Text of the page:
Ancient Wisdom: Brilliant Pieces Of Advice From Socrates

To go through life without paying attention to the elevation of character and the cultivation of virtues, carried along by the current of modern society, does not seem to be the wisest decision.

Let us contemplate together some of the famous sayings of a man who dedicated his life to the pursuit of Truth and left behind many important lessons worth reflecting on - the ancient Greek philosopher Socrates.

Discover some of Socrates' most famous sayings and pieces of advice passed on to posterity that are sure to make you think:
Socrate Wisdom: Brilliant Pieces Of Advice Ancient
Pieces Of Advice From The Great Socrates

1. Know thyself.

2. To find yourself, think for yourself.

3. Let he who would transform the world first transform himself.

4. I cannot teach anyone anything. I can only make them think.

5. Wonder is the beginning of wisdom.

6. In childhood be modest, in youth temperate, in adulthood just, and in old age prudent.

7. He who is not satisfied with what he has will not be satisfied with what he would like to have.

8. There is only one good thing - knowledge and one bad thing - ignorance.

9. Nature has given us two ears, and two eyes, but only one tongue - so, in the end, we should hear and see more than we speak.

10. False words are not only evil in themselves, but they infect the soul with evil.

11. The hottest love has the coldest end.

12. Out of the most ardent desires often arise the most destructive enmities.

13. The shortest and surest way to live with honor in the world is to be in reality what we would appear to be; and if we observe, we shall find that all human virtues increase and strengthen themselves by the practice and experience of them.

14. Employ your time in improving yourself by other men's writings so that you shall come easily by what others have labored hard for.

15. Remember that there is nothing stable in human affairs; therefore avoid undue elation in prosperity or undue depression in adversity.

16. The richest is he who is content with the least, for contentment is nature's wealth. Contentment is natural wealth, luxury is artificial poverty.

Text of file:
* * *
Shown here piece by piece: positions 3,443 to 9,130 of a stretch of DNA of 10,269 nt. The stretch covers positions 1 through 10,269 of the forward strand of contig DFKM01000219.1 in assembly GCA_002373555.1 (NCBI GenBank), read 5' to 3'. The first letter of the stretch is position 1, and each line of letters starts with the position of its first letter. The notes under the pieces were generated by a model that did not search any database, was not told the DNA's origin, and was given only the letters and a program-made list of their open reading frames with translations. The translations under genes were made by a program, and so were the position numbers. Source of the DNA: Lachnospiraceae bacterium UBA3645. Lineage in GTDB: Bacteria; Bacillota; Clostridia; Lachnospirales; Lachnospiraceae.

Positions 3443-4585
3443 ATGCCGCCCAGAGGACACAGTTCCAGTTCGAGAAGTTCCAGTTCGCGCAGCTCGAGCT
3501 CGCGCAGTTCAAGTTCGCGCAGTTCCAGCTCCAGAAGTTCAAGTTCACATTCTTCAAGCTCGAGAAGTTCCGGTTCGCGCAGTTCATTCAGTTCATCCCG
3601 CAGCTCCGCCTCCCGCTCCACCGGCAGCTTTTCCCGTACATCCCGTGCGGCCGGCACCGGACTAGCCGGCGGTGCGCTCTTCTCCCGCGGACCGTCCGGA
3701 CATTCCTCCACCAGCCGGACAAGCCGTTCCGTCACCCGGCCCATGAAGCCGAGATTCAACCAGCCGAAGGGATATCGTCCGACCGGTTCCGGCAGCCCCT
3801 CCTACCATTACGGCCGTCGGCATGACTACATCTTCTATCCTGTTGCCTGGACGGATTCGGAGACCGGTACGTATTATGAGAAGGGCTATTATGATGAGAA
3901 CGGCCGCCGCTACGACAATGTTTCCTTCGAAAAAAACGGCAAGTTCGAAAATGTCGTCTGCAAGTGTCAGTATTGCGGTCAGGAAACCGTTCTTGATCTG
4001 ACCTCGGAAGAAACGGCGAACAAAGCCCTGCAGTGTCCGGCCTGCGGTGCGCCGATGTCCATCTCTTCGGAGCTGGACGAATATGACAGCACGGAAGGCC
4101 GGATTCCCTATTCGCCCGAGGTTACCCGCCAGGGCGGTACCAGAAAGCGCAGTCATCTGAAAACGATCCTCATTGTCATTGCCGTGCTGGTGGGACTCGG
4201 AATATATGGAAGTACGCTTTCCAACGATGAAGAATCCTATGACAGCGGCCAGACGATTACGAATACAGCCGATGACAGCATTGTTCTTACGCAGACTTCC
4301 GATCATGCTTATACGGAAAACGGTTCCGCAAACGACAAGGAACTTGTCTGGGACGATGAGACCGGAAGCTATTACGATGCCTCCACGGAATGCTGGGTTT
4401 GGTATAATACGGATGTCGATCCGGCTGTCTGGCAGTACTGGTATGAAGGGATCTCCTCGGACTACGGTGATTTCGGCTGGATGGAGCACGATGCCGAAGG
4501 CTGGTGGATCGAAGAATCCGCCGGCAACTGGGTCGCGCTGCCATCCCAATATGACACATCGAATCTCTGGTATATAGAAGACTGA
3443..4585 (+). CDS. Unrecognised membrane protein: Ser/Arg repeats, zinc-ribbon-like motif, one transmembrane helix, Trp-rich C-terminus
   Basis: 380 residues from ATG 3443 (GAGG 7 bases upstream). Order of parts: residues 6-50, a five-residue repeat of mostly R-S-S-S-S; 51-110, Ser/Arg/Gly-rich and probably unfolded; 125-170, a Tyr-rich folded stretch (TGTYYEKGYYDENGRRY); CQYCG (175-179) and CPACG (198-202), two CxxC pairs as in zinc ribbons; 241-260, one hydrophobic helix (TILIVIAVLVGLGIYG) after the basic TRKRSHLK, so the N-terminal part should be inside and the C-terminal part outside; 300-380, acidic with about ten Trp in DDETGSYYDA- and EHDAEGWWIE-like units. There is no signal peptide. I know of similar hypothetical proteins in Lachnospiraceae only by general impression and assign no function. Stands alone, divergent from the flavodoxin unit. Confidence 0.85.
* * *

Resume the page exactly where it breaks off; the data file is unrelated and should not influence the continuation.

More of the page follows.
17. Worthless people live only to eat and drink; people of worth eat and drink only to live.

18. For I do nothing but go about persuading you all, old and young alike, not to take thought for your persons or your properties, but first and chiefly to care about the greatest improvement of the soul. I tell you that virtue is not given by money, but that from virtue comes money and every other good of man, public as well as private.

19. He who has been wronged should not return the injustice, for under no circumstances can it be just to do a wrong deed. And it is not fair to return an injustice or to do harm to anyone, however much we may have suffered because of it.

20. The really important thing is not to live, but to live well. And to live well meant, along with more enjoyable things in life, to live according to your principles.

21. If you don't get what you want, you suffer. If you get what you don't want, you suffer. Even when you get exactly what you want, you still suffer because you can't have it forever. Your mind makes it difficult for you. It wants to be free of change, of pain, of the obligations of life and death. But change is a law, and no matter how much it (the mind) pretends otherwise, this reality will not change.

22. To know is to know that you know nothing. This is the meaning of true knowledge. True wisdom comes to each of us when we realize how little we understand about life, ourselves, and the world around us.

23. I am wiser than this man; it is likely that neither of us knows anything worthwhile, but he thinks he knows something when he does not, whereas when I do not know, neither do I think I know; so I am likely to be wiser than he to this small extent, that I do not think I know what I do not know.

24. I am neither Athenian nor Greek but a citizen of the world.

25. No man acquires a trade which he has not learned, not even the most pathetic; yet all consider themselves sufficiently qualified for the most difficult of all trades, that of governing.

26. The nearest way to glory a shortcut, as it were is to strive to be what you wish to be thought to be.
 
27. The comic and the tragic are inseparably close, like light and shadow.

28. The fewer desires we have, the more we resemble the Gods.

29. The souls of all men are immortal, but the souls of the righteous are immortal and divine.

30. The hour of parting has come, and each goes his own way. I will die, and you will live. Which is better? Only God knows.

31. Death may be the most wonderful of all human blessings.

32. Our prayers should be for blessings in general, for God knows best what is good for us.

33. I pray to You, Lord, that I may be beautiful inside.


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